Control Is Hard To Give Up

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God is in control so we don’t have to be.

titanicI’m not too sure what is going on anymore. The company I work for has built it’s business on school bond elections. We design schools, gymnasiums, and administration buildings with bond issue funds. A workable and sustainable business model with one major hiccup, voters. Back in the beginning of May, voters shot down two of the three bond issues we were counting on for work. Thankfully, we have learned a bit from a similar failure last year. We have since diversified our client base and moved into areas not targeted by large Dallas architectural firms. What is odd is that one week we were talking about hiring, growth, and technology upgrades. In the weeks following the bond election, optimism has disappeared and silence rules. Just like last year. I have no idea whether my company will lay off anyone within the next few months. I do not think we have diversified enough/obtained enough clients to sustain our company long term. While business may seem normal for now, I keep waiting for the hammer to drop like it did last year when I lost a fellow co-worker due to layoff. Frustrating to be back in a situation where I have no control.

Health-wise, I’ve been seeing a couple doctors and having some tests run. Will be getting the test results next week. I am nervous. My body is tense and I feel sick. I have zero control over the situation.

nineveh02This past Sunday (5/17), my small group leader asked me to teach during our morning hour together. Knowing that the kids were having a lesson from the Book of Nahum, I decided to dive-in and see what the book is all about. Turns out Nahum is a sequel to the Book of Jonah. Nahum takes place a 100 years after Jonah visited the City of Nineveh. By this time, Nineveh, the capital of the Assyrian Empire, had returned to idol worship. The Minor Prophet Nahum steps in and speaks aloud (an oracle) that the destruction of Nineveh is coming.

The people of Nineveh must have laughed at Nahum. Their city walls were a 100 feet high with a 150 foot moat extending out from the walls. The moat, for anyone who is wondering, was 60 feet deep. Who knows what lived in there. Situated on the Tigris River, Nineveh had a series of dams throughout the city. Now what is interesting is that Nahum prophesied that the city would be destroyed by water (2:6). The dams that held back water-giving life would end up unleashing water that would undermine a part of the city walls. Like a sandcastle, the walls would fall, allowing the Babylonians access into the city.

640px-Nineveh_map_city_walls_&_gatesOne of the key verses that stuck out to me was 1:3 –

The Lord is slow to anger but great in power;
    the Lord will not leave the guilty unpunished.
His way is in the whirlwind and the storm,
    and clouds are the dust of his feet.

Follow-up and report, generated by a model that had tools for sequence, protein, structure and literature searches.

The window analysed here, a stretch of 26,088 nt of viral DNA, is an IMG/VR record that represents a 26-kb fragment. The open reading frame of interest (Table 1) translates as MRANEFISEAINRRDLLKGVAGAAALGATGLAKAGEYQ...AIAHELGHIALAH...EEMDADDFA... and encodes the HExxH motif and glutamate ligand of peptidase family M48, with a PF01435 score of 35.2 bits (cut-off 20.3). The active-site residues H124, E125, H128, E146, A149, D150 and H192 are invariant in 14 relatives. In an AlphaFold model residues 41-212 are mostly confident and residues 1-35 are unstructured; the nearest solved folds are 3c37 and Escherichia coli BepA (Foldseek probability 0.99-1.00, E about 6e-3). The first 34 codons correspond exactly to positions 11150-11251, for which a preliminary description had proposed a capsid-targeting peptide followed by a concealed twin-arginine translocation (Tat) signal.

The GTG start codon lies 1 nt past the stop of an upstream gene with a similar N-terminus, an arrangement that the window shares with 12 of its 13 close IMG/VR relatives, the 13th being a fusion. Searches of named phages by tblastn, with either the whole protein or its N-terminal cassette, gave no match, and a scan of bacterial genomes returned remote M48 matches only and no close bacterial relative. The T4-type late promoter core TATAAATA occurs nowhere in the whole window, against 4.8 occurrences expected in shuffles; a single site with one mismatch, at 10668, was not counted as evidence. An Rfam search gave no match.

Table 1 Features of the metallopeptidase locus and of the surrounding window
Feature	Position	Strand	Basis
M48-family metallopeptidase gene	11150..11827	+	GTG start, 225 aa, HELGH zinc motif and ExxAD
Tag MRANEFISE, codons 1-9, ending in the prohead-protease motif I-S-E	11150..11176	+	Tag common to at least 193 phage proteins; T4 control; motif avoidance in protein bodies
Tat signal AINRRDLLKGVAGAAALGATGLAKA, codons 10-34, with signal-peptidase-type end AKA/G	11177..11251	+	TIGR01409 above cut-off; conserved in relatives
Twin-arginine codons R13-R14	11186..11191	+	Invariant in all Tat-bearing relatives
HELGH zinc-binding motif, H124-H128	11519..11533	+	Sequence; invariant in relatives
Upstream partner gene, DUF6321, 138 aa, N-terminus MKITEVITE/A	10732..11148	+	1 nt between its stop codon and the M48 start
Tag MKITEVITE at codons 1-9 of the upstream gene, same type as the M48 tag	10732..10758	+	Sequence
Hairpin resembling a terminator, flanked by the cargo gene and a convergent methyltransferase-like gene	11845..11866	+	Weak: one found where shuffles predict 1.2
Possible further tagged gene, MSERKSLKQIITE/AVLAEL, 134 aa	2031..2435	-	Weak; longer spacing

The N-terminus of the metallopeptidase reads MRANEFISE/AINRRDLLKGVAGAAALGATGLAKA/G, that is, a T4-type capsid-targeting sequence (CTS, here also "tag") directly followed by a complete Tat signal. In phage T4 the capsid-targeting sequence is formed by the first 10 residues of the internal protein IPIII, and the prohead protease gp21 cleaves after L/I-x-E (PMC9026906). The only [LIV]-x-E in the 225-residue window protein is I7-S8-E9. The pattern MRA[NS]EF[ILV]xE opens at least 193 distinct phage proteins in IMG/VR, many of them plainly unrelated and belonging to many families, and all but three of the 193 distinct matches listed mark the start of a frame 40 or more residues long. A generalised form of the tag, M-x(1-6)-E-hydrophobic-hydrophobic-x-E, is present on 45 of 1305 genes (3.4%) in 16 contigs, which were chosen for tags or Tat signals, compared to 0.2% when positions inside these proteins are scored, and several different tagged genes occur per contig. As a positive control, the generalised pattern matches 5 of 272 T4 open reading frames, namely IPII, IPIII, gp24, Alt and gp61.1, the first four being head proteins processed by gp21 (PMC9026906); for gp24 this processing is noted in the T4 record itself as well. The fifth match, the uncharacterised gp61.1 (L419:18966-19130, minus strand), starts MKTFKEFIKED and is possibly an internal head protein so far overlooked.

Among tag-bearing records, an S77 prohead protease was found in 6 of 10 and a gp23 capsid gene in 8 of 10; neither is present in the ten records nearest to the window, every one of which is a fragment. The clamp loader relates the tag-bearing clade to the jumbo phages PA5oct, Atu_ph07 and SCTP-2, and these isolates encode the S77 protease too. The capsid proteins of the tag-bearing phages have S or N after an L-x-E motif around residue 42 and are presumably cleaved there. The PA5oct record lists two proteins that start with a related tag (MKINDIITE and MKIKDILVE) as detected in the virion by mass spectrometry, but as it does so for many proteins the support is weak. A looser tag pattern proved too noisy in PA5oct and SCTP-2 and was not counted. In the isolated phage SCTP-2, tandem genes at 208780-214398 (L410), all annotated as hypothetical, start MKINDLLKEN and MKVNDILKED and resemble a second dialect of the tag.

God gave the people of Nineveh a chance. He sent Jonah, a reluctant prophet, to tell them to turn from their evil ways. And they did! A hundred years later though, the people had forgotten all about Jonah. What stuck out to me in 1:3 is that God is slow to anger. He could have destroyed Nineveh a hundred years ago, but He didn’t. Another verse I noted was 1:7 –

The Lord is good,
    a refuge in times of trouble.
He cares for those who trust in him,

The head and heart disconnect, I call it. I know that God is good, no matter what the situation. I know that He is a refuge, ready to catch us/hold on to us when all seems to be falling apart. I know that. But sometimes my heart forgets. I want to be in control.

I am not sure where my job is going to be in six months. I have no idea what is going to happen next week at the doctors office. What I do know is that God is good. He will take care of me. I just need to tell my head and my heart that.

Our Actions Impact Others

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Our actions impact others. Period. 

Recently I was reading about a guy named Jonah. Jonah was told to go to a city that was known to support terrorism. Being that the city of Nineveh’s reputation that wasn’t all that positive, Jonah decided not to go. In the process of running from his mission, Jonah ends up putting the men on the boat he escapes on, and all their cargo, in jeopardy. Jonah’s selfish actions not only almost cost the sailor’s livelihoods but their very lives as well. All of this could had been avoided had Jonah been obedient to God telling him to go to Nineveh and speak His word to the people.

Our actions carry life and death consequences. Period.

When Achan heard the news that that the battle hadn’t gone well, he must have known deep within his soul that it was his fault. 36 people had died. The battle of Ai was supposed to have been easy. Something was wrong and Israel’s leader, Joshua, knew it. After some heavy sifting of thousands of people, Achan stood at the forefront. He confessed that he had been disobedient and had gone against what God had said about taking things from Jericho. Achan had disobeyed and had stolen from what was to be devoted to God. Because of his actions, Achan, his family and all of his possessions were destroyed by rock and flame.

Bible stories are easy to gloss over, especially after you have heard the same stories repeatedly. I personally find that it is easy to miss the bigger narrative that God is writing. In the above two examples of Jonah and Achan, both men did not take into consideration the consequences of their actions on others. In Jonah’s case, the men and their cargo could have perished in the storm; In Achan’s case, Achan and his family suffered due to his disobedience. Both stories have gotten me thinking about the ramifications of my own actions. How will my daily actions impact my:

  • Family
  • Friends
  • Workplace, etc.

I want to encourage you today to look at the bigger picture.

How have your actions impacted those around you?